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The Coronavirus Disease 2019 (COVID-19) pandemic is an unprecedented health crisis in terms of the scope of its impact on well-being. The sudden need to navigate this "new normal" has compromised the mental health of many people. Coping flexibility, defined as the astute deployment of coping strategies to meet specific situational demands, is proposed as an adaptive quality during this period of upheaval. The present study investigated the associations between coping flexibility and two common mental health problems: COVID-19 anxiety and depression. The respondents were 481 Hong Kong adults (41% men; mean age = 45.09) who took part in a population-based telephone survey conducted from April to May 2020. Self-report data were assessed with the Coping Flexibility Interview Schedule, COVID-19-Related Perception and Anxiety Scale, and Center for Epidemiological Studies Depression Scale. Slightly more than half (52%) of the sample met the criteria for probable depression. Four types of COVID-19 anxiety were identified: anxiety over personal health, others' reactions, societal health, and economic problems. The results consistently revealed coping flexibility to be inversely associated with depression and all four types of COVID-19 anxiety. More importantly, there was a significant interaction between perceived likelihood of COVID-19 infection and coping flexibility on COVID-19 anxiety over personal health. These findings shed light on the beneficial role of coping flexibility in adjusting to the "new normal" amid the COVID-19 pandemic.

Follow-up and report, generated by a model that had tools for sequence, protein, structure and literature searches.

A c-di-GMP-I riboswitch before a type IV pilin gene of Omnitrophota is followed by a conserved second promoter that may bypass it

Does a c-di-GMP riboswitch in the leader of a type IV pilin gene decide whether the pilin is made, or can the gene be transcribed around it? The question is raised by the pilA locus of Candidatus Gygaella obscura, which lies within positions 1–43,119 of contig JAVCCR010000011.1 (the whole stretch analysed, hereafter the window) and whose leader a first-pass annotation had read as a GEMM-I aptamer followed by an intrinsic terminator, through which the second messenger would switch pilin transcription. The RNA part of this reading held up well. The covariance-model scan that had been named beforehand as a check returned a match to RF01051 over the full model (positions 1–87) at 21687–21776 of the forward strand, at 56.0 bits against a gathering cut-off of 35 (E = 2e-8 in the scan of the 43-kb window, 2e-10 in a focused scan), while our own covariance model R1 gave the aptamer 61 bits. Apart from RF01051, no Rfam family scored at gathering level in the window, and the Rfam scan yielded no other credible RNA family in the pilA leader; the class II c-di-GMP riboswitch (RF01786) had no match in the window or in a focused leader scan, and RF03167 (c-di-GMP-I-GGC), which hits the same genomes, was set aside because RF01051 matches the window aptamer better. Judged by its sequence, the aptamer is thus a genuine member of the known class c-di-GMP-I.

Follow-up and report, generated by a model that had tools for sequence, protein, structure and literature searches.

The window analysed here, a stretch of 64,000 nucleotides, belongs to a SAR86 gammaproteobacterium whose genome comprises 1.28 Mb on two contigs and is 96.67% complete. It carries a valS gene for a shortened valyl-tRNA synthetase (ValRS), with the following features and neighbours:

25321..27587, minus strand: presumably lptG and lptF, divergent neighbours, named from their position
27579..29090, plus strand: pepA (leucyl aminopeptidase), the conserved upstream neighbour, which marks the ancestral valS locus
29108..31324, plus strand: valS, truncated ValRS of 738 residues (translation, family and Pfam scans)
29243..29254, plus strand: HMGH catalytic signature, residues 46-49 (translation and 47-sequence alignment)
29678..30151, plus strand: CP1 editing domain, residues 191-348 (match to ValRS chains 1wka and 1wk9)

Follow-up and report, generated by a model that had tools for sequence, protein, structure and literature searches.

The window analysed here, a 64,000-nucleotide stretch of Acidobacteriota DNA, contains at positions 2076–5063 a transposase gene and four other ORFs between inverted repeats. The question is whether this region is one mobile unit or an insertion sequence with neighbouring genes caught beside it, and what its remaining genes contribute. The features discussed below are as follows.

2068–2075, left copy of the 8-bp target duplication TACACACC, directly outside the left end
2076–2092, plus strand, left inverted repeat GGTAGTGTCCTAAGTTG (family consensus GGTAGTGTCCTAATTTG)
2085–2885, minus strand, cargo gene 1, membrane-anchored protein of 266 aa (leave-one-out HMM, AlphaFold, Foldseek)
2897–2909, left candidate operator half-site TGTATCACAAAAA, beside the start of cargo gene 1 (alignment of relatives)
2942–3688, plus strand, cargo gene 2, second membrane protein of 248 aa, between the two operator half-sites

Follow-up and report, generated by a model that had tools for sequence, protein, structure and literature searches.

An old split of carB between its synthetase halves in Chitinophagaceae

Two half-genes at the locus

Original publication




Journal article


Front Psychiatry

Publication Date





Chinese, adaptation, coping, coronavirus disease, epidemic, psychological well-being, resilience, stress